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This is a follow up question from the following stack exchange question found below:

How to interpret this paragraph from an MNDA in context with Ohio law?

I would like the paragraph to convey that mediation needs to happen first before the injunction relief occurs. I wanted to check if my edits to the paragraph make that clear.

  1. The Parties agree that the disclosing Party will suffer irreparable injury if its Confidential Information is made public, released to a third party, or otherwise disclosed in breach of this Agreement and that the disclosing Party shall be entitled to obtain injunctive relief against a threatened breach or continuation of any such breach according to the procedure outline in section 13 below and, in the event of such breach, an award of actual and exemplary damages.

Section 13 is as follows:

  1. The interpretation and validity of this Agreement and the rights of the parties shall be governed by the laws of the State of Ohio. Any action brought to enforce this Agreement shall be brought in Ohio but only after first having gone through mediation at a location reasonably convenient to all parties in an attempt to efficiently resolve any disputes that might arise.

If this doesn't express mediation needs to occur first, is there better language I can use to convey this idea?

As a side note, MNDA stands for Mutual Non-Disclosure Agreement.

closed as off-topic by Nij, A. K., bdb484, Dave D, Tim Lymington Sep 12 '18 at 17:03

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  • "I would like the paragraph to convey that mediation needs to happen first before the injunction relief occurs." In practice, this would be a very bad choice. If information is disclosed due to the absence of a court order, the cat can't be put back into the bag and the damage is done. – ohwilleke Sep 5 '18 at 18:59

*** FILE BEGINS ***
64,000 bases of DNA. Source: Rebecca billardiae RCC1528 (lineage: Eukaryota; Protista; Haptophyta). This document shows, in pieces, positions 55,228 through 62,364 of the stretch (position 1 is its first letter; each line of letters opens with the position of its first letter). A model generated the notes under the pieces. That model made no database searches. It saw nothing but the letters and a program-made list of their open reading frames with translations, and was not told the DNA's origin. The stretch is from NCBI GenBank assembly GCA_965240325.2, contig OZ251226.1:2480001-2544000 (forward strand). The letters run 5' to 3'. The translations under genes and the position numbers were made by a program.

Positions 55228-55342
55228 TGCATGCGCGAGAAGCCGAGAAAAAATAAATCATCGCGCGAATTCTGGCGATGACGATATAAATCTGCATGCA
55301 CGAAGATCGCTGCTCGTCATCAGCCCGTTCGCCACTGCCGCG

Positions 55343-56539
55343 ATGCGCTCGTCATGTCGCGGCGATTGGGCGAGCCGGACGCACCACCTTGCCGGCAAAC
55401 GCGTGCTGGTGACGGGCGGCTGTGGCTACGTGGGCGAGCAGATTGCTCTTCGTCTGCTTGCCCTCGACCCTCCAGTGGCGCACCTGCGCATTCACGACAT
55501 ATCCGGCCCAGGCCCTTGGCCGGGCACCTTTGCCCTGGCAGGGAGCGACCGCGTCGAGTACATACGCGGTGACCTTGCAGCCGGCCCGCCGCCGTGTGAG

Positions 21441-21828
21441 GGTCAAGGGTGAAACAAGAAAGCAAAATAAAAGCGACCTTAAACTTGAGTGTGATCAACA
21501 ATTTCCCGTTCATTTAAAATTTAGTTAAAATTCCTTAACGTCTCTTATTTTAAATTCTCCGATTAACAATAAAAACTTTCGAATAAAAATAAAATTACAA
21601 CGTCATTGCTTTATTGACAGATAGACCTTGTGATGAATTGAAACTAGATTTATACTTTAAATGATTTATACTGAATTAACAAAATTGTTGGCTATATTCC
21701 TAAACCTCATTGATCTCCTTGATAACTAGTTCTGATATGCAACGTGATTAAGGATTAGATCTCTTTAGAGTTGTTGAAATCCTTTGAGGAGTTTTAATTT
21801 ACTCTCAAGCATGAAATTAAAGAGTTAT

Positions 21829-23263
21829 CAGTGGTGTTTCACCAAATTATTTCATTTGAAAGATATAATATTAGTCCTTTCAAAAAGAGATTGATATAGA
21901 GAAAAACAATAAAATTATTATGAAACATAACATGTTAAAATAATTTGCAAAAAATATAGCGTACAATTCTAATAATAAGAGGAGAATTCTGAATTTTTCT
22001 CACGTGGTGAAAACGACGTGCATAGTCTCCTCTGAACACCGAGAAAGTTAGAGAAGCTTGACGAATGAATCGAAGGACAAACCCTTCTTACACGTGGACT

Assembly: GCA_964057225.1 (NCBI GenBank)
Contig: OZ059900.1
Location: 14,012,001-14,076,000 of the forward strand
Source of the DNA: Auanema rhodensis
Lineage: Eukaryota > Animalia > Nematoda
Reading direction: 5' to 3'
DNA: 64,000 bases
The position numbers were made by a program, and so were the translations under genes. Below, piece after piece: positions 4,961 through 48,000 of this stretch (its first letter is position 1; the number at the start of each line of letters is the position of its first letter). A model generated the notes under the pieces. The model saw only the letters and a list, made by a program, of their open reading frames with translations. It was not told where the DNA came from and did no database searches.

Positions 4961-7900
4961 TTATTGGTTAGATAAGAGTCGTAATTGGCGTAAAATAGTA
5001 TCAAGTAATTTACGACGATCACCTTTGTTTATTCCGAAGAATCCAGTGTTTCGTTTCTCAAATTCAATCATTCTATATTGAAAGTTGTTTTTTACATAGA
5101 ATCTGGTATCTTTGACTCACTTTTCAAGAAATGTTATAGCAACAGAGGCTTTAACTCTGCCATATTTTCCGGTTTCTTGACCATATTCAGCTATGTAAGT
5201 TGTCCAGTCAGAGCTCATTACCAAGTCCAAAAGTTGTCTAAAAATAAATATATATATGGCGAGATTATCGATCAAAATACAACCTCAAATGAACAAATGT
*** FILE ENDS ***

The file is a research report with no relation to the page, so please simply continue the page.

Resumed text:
• I would like to confirm that injunction relief just means that the disclosing party will issue a cease and desist order to stop the receiving party from continuing any breach. But the disclosing party can't sue the receiving party until both parties go to mediation as outlined in section 13. Is this understanding correct? – philm Sep 5 '18 at 19:34
  • If my above understanding is correct, then it sounds like it is better to leave out the mediation from the paragraph. – philm Sep 5 '18 at 19:54
  • Also, I ma wondering why I have received the -1? I thought that I explained my question clearly. Is there any edits that I can make to better ask the question? – philm Sep 5 '18 at 20:03
  • 1
    This is the most likely reason: law.meta.stackexchange.com/questions/221/… – SJuan76 Sep 5 '18 at 20:45
2

First, it is monumentally unfair (probably unconscionable) to require mediation before seeking injunctive relief. An injunction is sought and granted when there is ongoing and immediate harm by the act or omission that cannot be remedied by damages and requiring people to go through a mediation process is definitely unreasonable and probably unconscionable. A court would likely consider the injunction on its merits irrespective of the mediation clause.

Second, the mediation clause is vague to the point of uselessness. What rules of mediation will be used? Who will the mediator be or how will they be appointed? What if one of the parties is in Antarctica and the other in Finland - where is "reasonably convenient"? What time frame must the mediation be started/completed within? You really don't want to have to go to court just to find out what your dispute resolution clause actually means.

Third, don't mix dispute resolution in with your choice of law clause - they are different things and deserve their own clause.

Fourth, if we disagree about anything the only thing we can do is appoint a mediator? We can't for example, talk it out?

Fifth, there are no damages payable for "irreparable injury" - it is, by definition "irreparable" and as such, damages will not repair it.

When drafting your contract:

  1. Say what you mean and only what you mean.
  2. Be clear and precise. If you lay out a procedure then it should be algorithmic - definitive, step-by-step which will arrive at a result within a specified time and ideally, be set out so clearly a child could follow it.

For example:

Disputes

  1. Either party may notify the other of a dispute in writing.
  2. Within 7 days of the notice, the parties will confer at least once in a good faith effort to resolve the dispute.
  3. If the dispute remains unresolved after 14 days, the dispute shall be mediated by a mediator appointed by X [dispute resolution peak body] in accordance with their rules in Dayton, Ohio. Such mediation to occur within 21 days of referral to X.
  4. Should the dispute remain unresolved either party shall have recourse to the non-exclusive jurisdiction of the Ohio courts.
  5. Notwithstanding this clause, either party may seek injunctive relief.
  • Wow, thank you very much for your feedback! This is very useful and I appreciate it very much. There will be alot of changes in the contract in light of this – philm Sep 6 '18 at 14:22
  • Also, I should note that the mediation before the injuction relief was removed from the contract. – philm Sep 6 '18 at 14:25

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